However, Apple didn't initially add built-in support for IM on iOS, which it does support on the Mac via iChat. Instead, IM vendors such as AOL can offer their own third party iOS apps for IM. One of the challenges of desktop IM on mobile devices is the requirement that the chat client keep a persistent network connection open in order to allow other users (and the service itself) to see that the user is available for chat. This is referred to as "presence," and displayed as a "Buddy List."

The client must keep notifying the server that the user is online in order for other users to see that the user is available, but this requires regular network activity, which in turn demands precious battery life. A chat client capable of servicing various IM services would have to do this for each IM network it supported, quickly using lots of battery just to enable basic chat functionality with users on each chat service, a poor tradeoff between end user value and battery life consumption.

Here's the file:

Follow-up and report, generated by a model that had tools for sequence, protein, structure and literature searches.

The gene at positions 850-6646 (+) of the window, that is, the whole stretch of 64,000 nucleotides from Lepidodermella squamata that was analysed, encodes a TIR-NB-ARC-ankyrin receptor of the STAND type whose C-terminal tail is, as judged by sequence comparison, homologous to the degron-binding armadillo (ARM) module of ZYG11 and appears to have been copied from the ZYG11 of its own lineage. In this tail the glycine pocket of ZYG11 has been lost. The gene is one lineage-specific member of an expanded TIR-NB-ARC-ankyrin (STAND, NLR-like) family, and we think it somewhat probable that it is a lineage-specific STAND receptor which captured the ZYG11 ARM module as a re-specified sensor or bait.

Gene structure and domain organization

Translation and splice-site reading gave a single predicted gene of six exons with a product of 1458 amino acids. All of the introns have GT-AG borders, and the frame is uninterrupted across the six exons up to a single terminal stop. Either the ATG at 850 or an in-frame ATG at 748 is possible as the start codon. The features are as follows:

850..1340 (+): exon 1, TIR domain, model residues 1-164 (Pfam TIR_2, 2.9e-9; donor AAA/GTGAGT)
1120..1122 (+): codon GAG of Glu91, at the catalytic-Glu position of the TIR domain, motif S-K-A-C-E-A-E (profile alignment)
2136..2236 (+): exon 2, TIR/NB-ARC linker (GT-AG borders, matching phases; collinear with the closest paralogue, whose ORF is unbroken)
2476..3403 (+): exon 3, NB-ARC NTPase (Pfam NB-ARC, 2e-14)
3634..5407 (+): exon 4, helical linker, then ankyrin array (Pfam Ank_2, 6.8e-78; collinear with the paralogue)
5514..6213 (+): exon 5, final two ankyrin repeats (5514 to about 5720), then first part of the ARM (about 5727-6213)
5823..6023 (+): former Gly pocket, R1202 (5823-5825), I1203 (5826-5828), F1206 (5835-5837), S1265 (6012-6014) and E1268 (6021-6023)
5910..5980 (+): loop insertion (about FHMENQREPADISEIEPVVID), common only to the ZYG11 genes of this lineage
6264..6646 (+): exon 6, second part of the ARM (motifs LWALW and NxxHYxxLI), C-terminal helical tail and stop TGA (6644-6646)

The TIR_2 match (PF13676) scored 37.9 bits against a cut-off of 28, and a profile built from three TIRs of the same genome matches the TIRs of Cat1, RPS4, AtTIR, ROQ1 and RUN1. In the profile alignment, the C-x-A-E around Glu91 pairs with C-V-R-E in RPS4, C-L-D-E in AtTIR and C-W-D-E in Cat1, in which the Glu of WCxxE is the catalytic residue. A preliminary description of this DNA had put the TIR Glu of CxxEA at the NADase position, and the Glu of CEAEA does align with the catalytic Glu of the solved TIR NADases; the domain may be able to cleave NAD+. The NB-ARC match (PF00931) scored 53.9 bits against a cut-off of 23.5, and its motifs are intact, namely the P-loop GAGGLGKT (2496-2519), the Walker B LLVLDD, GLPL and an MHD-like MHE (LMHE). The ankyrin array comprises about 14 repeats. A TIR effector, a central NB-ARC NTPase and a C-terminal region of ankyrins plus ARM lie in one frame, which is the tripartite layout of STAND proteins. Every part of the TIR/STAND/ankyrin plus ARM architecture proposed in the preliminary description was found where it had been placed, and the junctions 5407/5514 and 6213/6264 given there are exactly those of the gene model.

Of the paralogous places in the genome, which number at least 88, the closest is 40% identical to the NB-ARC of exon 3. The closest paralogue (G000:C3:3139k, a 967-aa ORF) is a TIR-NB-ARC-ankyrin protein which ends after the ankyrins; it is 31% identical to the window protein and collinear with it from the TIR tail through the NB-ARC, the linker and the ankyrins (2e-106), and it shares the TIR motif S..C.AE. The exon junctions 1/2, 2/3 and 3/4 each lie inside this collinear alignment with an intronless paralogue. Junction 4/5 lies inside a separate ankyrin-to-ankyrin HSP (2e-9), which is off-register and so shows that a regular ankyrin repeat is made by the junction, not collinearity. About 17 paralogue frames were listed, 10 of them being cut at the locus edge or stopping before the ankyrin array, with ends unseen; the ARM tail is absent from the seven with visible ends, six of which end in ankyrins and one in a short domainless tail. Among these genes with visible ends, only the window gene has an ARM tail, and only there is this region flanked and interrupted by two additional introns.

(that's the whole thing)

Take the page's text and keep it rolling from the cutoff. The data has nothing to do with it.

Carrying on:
Rather than bringing one or more proprietary IM chat services to iOS (as it has done in iChat for Mac users), Apple instead prioritized the development of two other services: the first being push messaging used for both app notifications and push email and contacts, and the second being FaceTime. Both services internally use an IM-like system to deliver alert notifications, push messages or incoming FaceTime calls, and in all cases the technology used is open XMPP messages.

iOS 5

One set of plumbing, lots of fixtures

By building a unified XMPP notification system into iOS, Apple efficiently provided push notifications, push messaging, and FaceTime call notifications without having to keep multiple open connections to several different IM chat provider services, while also avoiding additional dependance upon a mobile account required by SMS. In contrast, Google's Android notifications are based on SMS.

This underlying XMPP plumbing in iOS is now allowing Apple to launch its own chat service, one that doesn't require an SMS mobile account nor an AIM/Yahoo/MSN account, making it both free to use and efficient to support in terms of battery demands. Since iOS already uses XMPP for push notification and messaging, adding support for iMessaging adds no new networking demands.